Statistics for Environmental Engineers

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x 2.5    22    60    90    105    144    178    210    233    256    300    400


y 16.6    15.3    16.9    16.1    17.1    16.9    18.6    19.3    25.8    28.4    35.5    45.3


40.5 Coagulation. Modify the hockey-stick model of Exercise 40.4 so it describes the intersection of two straight lines with nonzero slopes. Fit the model to the coagulation data (dissolved organic carbon, DOC) given below to estimate the slopes of the straight-line segments and the chemical dose (alum) at the intersection.


Alum Dose (mg/L)


DOC


(mg/L)


Alum Dose (mg/L)


DOC


(mg/L)


0


6.7


35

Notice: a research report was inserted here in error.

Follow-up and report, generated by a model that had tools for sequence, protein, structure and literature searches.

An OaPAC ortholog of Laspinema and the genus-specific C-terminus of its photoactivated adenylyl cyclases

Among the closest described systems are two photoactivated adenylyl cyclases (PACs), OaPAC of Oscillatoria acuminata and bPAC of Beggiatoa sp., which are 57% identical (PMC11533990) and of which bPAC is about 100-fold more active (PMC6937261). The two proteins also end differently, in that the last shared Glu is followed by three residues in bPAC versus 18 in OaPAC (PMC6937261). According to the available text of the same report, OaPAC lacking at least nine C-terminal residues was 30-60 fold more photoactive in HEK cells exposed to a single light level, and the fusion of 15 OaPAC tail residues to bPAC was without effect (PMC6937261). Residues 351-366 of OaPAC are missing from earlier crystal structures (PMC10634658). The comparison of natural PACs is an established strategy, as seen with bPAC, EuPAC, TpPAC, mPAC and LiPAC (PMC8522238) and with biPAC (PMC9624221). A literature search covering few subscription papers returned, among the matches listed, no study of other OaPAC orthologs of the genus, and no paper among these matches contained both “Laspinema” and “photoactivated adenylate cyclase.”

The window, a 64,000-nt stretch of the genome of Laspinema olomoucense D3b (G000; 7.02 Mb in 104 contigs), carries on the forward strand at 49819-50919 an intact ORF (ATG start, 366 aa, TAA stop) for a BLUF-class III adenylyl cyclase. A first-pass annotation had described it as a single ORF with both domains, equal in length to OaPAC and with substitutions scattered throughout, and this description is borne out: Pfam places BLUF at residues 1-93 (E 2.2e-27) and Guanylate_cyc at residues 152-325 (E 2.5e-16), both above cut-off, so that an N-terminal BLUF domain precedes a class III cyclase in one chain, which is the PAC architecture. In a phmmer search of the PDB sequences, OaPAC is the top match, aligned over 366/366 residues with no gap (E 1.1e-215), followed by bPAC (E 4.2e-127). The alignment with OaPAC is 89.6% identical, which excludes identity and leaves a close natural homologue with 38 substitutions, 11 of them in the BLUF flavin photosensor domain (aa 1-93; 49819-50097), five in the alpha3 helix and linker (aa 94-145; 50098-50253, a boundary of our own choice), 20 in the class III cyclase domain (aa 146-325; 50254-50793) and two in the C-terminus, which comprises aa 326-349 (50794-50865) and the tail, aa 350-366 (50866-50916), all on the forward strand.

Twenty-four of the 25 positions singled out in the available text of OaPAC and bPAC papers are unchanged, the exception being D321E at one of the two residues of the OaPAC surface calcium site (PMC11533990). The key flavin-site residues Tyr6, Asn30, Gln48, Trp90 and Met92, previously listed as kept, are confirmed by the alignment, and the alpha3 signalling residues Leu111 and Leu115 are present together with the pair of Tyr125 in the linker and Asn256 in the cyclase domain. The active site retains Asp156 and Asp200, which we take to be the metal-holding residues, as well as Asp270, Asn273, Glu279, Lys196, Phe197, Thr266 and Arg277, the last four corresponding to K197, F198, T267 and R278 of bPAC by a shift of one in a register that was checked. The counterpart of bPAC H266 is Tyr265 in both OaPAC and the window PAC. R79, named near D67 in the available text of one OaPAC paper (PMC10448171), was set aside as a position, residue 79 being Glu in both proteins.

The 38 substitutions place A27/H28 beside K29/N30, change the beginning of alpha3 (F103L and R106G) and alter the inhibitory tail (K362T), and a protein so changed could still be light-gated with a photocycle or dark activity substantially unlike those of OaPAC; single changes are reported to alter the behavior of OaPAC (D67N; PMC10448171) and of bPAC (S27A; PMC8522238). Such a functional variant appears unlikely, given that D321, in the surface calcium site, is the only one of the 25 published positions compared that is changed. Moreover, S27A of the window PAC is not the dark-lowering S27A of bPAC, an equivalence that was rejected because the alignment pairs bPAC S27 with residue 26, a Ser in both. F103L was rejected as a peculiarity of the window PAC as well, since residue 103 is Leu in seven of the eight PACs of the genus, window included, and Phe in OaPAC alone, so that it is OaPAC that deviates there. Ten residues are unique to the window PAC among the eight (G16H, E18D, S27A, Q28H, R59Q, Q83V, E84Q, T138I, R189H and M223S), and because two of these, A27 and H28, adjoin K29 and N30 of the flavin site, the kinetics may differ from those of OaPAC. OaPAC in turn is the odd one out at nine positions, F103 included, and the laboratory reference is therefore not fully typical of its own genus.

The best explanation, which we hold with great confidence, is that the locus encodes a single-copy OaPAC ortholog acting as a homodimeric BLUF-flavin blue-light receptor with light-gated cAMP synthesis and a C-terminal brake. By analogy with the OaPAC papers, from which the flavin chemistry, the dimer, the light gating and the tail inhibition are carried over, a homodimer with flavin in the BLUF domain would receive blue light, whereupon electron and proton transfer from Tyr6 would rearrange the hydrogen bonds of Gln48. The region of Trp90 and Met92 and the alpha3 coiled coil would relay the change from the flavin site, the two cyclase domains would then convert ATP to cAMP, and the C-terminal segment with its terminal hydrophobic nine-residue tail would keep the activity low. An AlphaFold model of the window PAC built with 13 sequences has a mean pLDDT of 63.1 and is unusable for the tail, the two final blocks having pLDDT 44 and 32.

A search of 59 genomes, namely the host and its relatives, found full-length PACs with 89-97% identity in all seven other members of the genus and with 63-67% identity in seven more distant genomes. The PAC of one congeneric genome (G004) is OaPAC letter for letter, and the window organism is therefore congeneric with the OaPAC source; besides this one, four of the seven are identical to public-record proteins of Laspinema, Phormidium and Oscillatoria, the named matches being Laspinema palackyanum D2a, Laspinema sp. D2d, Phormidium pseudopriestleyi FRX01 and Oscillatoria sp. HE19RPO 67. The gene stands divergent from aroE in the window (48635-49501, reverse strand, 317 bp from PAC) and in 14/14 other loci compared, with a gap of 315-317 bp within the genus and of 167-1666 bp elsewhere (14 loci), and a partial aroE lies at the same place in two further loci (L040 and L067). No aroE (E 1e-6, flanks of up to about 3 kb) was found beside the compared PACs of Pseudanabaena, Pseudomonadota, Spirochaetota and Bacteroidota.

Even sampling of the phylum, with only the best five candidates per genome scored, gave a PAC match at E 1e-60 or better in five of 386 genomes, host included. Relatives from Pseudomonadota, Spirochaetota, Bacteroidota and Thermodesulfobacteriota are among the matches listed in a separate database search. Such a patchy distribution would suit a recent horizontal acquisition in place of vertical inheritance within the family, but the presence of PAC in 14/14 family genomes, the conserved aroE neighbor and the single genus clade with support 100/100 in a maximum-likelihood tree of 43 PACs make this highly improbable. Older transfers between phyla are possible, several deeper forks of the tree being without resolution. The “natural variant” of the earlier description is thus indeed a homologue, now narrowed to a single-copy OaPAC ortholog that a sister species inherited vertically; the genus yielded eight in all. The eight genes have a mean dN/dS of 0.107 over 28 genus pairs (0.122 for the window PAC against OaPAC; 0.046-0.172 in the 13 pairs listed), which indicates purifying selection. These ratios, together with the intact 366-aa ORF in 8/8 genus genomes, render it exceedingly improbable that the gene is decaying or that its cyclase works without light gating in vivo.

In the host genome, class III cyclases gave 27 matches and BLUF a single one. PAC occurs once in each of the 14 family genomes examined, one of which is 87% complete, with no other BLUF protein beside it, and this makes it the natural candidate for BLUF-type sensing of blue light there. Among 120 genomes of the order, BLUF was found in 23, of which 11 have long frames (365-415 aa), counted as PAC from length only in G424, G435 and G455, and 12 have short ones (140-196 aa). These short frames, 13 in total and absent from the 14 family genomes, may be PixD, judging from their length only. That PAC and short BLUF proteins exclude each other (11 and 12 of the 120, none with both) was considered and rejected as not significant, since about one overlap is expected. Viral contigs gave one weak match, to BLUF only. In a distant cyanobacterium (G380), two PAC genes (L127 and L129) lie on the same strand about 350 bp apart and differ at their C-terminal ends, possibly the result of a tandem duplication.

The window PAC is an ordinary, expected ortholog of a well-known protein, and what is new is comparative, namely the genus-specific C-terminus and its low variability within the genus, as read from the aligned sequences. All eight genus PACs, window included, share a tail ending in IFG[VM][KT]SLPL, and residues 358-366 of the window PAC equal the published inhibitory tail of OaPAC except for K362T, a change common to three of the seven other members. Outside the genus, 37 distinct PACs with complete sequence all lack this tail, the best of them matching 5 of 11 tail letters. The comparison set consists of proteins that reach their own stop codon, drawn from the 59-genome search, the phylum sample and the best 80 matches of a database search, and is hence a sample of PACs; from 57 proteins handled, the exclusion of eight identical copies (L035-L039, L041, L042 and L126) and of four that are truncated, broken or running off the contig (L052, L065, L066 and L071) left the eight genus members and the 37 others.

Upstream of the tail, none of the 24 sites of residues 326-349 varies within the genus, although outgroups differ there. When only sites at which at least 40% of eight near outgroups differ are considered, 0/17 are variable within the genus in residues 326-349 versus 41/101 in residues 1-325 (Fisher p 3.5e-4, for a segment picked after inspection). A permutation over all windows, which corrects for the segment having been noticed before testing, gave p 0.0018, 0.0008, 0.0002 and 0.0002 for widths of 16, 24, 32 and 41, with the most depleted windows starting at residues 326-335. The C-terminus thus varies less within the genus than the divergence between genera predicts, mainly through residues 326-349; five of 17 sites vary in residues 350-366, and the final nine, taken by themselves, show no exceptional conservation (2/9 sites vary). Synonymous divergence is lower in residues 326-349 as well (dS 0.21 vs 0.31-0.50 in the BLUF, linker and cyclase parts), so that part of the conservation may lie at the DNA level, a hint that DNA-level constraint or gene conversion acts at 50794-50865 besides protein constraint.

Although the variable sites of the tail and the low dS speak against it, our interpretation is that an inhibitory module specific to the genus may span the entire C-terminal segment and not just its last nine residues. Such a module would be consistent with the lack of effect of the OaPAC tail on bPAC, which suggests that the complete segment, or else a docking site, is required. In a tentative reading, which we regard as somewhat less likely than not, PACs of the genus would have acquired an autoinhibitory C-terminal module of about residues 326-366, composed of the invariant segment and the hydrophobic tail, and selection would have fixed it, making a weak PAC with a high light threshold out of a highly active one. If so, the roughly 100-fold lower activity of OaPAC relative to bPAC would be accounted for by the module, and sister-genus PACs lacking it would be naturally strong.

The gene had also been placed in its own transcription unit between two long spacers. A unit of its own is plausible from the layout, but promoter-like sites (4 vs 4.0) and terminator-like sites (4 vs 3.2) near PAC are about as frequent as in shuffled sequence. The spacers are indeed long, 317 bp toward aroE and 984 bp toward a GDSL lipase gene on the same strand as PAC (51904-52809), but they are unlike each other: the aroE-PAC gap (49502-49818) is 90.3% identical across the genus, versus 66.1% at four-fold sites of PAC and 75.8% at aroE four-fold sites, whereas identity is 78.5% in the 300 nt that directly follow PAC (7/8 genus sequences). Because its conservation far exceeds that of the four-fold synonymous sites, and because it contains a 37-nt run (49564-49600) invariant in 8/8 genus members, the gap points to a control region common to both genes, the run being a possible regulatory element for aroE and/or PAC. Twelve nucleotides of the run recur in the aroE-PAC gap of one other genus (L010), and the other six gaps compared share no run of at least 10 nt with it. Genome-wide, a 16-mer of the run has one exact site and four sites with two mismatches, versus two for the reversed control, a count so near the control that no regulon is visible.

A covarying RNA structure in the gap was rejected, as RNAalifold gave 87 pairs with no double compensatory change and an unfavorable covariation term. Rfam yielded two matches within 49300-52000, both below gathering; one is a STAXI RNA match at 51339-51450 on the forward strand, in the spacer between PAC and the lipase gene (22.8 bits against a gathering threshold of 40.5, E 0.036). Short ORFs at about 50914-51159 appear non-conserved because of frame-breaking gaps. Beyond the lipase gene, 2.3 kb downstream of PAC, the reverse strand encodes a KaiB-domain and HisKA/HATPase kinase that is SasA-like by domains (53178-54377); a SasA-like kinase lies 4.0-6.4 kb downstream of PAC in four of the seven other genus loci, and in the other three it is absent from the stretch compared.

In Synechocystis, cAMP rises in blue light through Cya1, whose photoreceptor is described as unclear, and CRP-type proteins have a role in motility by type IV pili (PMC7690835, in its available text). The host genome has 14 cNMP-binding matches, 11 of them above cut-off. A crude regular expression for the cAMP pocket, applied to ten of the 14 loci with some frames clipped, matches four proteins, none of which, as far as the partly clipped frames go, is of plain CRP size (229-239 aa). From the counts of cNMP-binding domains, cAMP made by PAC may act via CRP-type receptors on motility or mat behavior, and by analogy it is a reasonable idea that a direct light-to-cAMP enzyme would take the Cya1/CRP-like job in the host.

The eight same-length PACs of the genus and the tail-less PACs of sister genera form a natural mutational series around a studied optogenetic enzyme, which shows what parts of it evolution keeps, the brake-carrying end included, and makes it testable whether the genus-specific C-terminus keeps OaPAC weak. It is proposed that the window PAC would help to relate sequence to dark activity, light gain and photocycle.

3.3


5


6.4


40


3.3


10


6.0


49


3.1


15


5.2


58


2.8


20


4.7


68


2.7


25


4.1


78


2.6


30


3.9


87


2.6

Source: White, M. W. et al. (1997). J. AWWA, 89(5).

41

The Effect of Autocorrelation on Regression


KEY WORDS autocorrelation, autocorrelation coefficient, drift, Durbin-Watson statistic, randomization, regression, time series, trend analysis, serial correlation, variance (inflation).


Many environmental data exist as sequences over time or space. The time sequence is obvious in some data series, such as daily measurements on river quality. A characteristic of such data can be that neighboring observations tend to be somewhat alike. This tendency is called autocorrelation. Autocorrelation can also arise in laboratory experiments, perhaps because of the sequence in which experimental runs are done or drift in instrument calibration. Randomization reduces the possibility of autocorrelated results. Data from unplanned or unrandomized experiments should be analyzed with an eye open to detect autocorrelation.

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